SALT LAKE CITY -- American Stores Co. here is staking its claim to the fresh meals business with a small format market that crosses fresh department lines to attract the convenience-oriented customer.
The new format is called Kap's Kitchen & Pantry, with 18,000 square feet of selling space built around the logo and a cartoon character in a chef's hat and the slogan, "Save time, eat well."
With a heavy emphasis on convenient and quick meal solutions, Kap's is already being regarded by local industry sources as a prototype for the supermarket giant's fresh foods strategy.
Sources estimated that the conglomerate might eventually open more than 100 such stores across the country. American Stores officials here would not comment on the new unit or any plans for subsequent Kap's Kitchen & Pantry units.
More than half of the store's floor space appears to be devoted to prepared foods and fresh produce items alone. The flooring under those two large sections is distinct from that throughout the rest of the store.
The physical plant is shaped somewhat like the state of Nevada, with the "kitchen entry" area tucked into the southern tip, and meal solutions and produce departments stretching up and outward from there. Roughly the top half is taken up with traditional grocery aisles as well as eight checkstands, where there is a second "pantry entry" area.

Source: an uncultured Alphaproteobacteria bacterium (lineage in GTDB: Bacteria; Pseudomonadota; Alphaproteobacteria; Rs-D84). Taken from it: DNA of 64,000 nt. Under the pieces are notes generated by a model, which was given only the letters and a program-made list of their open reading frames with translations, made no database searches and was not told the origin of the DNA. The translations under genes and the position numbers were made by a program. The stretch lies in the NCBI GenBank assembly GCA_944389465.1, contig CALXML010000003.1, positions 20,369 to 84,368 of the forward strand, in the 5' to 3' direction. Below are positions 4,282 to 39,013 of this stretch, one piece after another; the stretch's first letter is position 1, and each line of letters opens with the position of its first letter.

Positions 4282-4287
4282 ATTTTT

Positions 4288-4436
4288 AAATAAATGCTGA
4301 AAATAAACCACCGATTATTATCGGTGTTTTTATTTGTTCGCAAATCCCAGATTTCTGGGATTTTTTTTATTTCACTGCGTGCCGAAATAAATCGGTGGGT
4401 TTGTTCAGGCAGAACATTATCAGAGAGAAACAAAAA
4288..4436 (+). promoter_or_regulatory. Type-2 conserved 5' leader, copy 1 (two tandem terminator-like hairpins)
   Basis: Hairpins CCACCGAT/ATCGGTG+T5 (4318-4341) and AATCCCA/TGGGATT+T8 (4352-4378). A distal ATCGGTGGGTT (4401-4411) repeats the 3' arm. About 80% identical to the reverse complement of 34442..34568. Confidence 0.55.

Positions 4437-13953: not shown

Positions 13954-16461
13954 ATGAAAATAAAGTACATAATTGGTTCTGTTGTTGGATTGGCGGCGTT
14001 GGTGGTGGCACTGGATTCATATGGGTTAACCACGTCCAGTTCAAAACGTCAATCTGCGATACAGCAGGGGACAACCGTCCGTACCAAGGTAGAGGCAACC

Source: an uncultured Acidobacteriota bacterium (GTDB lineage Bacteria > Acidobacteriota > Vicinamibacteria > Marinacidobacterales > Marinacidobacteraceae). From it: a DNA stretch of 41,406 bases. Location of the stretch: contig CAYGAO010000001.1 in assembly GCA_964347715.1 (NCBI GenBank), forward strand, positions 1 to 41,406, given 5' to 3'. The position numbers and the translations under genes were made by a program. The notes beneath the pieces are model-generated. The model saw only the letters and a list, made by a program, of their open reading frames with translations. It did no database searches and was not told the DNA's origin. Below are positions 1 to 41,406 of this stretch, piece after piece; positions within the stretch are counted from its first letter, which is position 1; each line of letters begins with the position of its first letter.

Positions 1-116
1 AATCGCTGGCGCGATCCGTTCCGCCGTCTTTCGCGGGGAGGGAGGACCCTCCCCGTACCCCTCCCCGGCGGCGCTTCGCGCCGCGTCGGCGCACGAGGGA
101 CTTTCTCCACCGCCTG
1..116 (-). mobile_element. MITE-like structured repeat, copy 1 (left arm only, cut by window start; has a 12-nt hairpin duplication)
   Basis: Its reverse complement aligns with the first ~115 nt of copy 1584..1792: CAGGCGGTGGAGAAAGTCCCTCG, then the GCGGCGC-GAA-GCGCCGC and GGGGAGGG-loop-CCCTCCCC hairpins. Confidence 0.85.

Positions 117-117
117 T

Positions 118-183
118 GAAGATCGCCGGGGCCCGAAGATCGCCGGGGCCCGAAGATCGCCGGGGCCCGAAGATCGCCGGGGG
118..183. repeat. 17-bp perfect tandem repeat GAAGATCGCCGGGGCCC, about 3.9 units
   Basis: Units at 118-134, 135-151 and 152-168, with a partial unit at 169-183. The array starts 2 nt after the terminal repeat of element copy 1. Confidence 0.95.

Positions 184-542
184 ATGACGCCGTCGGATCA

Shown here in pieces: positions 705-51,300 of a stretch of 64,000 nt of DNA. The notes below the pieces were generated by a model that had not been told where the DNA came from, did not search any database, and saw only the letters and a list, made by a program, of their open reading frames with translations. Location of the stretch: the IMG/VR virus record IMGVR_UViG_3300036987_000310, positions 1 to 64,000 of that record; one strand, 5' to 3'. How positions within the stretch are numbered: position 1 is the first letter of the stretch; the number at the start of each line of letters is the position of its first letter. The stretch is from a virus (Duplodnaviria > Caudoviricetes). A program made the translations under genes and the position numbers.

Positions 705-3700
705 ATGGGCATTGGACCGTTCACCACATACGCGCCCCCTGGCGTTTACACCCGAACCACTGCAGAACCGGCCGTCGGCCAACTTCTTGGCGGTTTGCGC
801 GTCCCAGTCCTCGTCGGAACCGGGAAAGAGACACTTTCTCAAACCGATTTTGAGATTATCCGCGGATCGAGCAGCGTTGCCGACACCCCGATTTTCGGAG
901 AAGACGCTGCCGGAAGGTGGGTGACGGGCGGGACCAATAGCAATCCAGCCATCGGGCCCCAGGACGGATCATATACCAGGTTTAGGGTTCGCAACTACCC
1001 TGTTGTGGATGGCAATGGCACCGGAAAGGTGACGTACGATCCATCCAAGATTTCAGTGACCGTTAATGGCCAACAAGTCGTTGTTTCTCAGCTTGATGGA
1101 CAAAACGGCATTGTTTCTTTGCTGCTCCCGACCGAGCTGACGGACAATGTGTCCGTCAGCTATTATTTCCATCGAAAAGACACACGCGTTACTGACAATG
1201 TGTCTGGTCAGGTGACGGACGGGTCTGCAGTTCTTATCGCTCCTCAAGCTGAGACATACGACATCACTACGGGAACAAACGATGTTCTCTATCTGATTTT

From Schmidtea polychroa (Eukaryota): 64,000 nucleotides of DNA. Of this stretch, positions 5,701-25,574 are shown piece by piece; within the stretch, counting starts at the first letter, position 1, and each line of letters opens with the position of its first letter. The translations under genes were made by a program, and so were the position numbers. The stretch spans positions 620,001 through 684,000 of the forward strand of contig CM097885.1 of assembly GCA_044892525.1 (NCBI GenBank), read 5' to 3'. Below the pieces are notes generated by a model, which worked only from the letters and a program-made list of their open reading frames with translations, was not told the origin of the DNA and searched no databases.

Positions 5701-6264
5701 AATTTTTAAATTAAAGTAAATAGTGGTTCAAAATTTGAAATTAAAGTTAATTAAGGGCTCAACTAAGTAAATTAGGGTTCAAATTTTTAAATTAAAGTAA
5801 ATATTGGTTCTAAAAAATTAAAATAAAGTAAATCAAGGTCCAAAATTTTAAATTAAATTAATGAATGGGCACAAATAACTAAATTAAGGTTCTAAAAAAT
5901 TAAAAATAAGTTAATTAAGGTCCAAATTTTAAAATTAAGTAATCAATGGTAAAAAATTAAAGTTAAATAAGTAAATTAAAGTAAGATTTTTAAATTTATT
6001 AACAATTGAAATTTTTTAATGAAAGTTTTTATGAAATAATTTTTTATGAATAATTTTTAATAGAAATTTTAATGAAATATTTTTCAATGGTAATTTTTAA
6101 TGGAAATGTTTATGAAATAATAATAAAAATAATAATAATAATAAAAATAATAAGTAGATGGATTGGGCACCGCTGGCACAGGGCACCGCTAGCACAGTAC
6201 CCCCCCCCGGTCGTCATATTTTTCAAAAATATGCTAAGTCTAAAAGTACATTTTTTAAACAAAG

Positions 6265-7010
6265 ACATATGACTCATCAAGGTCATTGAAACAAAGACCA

"Hot to Go is the key to Kap's convenience," said an inaugural flier passed out at the grand opening. Inside the store, several employees dressed like chefs can be seen bustling around the prepared foods departments, reinforcing the feeling that the ready-to-go foods are prepared from scratch on-site.
"We save customers time by doing everything for them, from cutting the food to cooking it, to arranging it on a serving platter," said the company in its promotional materials.
One source noted that evidence in the store indicates that at least some portion of the prepared foods may arrive at the store frozen, to be heated in ovens.
Ovens and sinks are arrayed behind the prepared foods area, which had about a dozen employees working on one Saturday afternoon shortly after the grand opening. There was no sign of actual food preparation. An employee told SN that the preparation area was in a room behind a windowed swinging door.
In a nod to convenience shoppers, 20 parking stalls closest to the "kitchen entry" side of the unit are marked off as 15-minute Hot to Go slots, bearing the store's chef logo.
The Hot to Go departments are open between 11 a.m. and 8:30 p.m. six days a week, and on Sunday from 11 a.m. to 6 p.m. The store's hours are 7 a.m. to 10 p.m. Monday through Saturday, and from 8 a.m. to 7 p.m. on Sunday.
An industry source estimated that the grocery area stocks 8,000 to 10,000 items, compared with some 30,000 often found in most of today's large format stores. The grocery area was comprised of seven gondolas and three wall areas, including small sections of basic general merchandise such as health and beauty care and school supplies.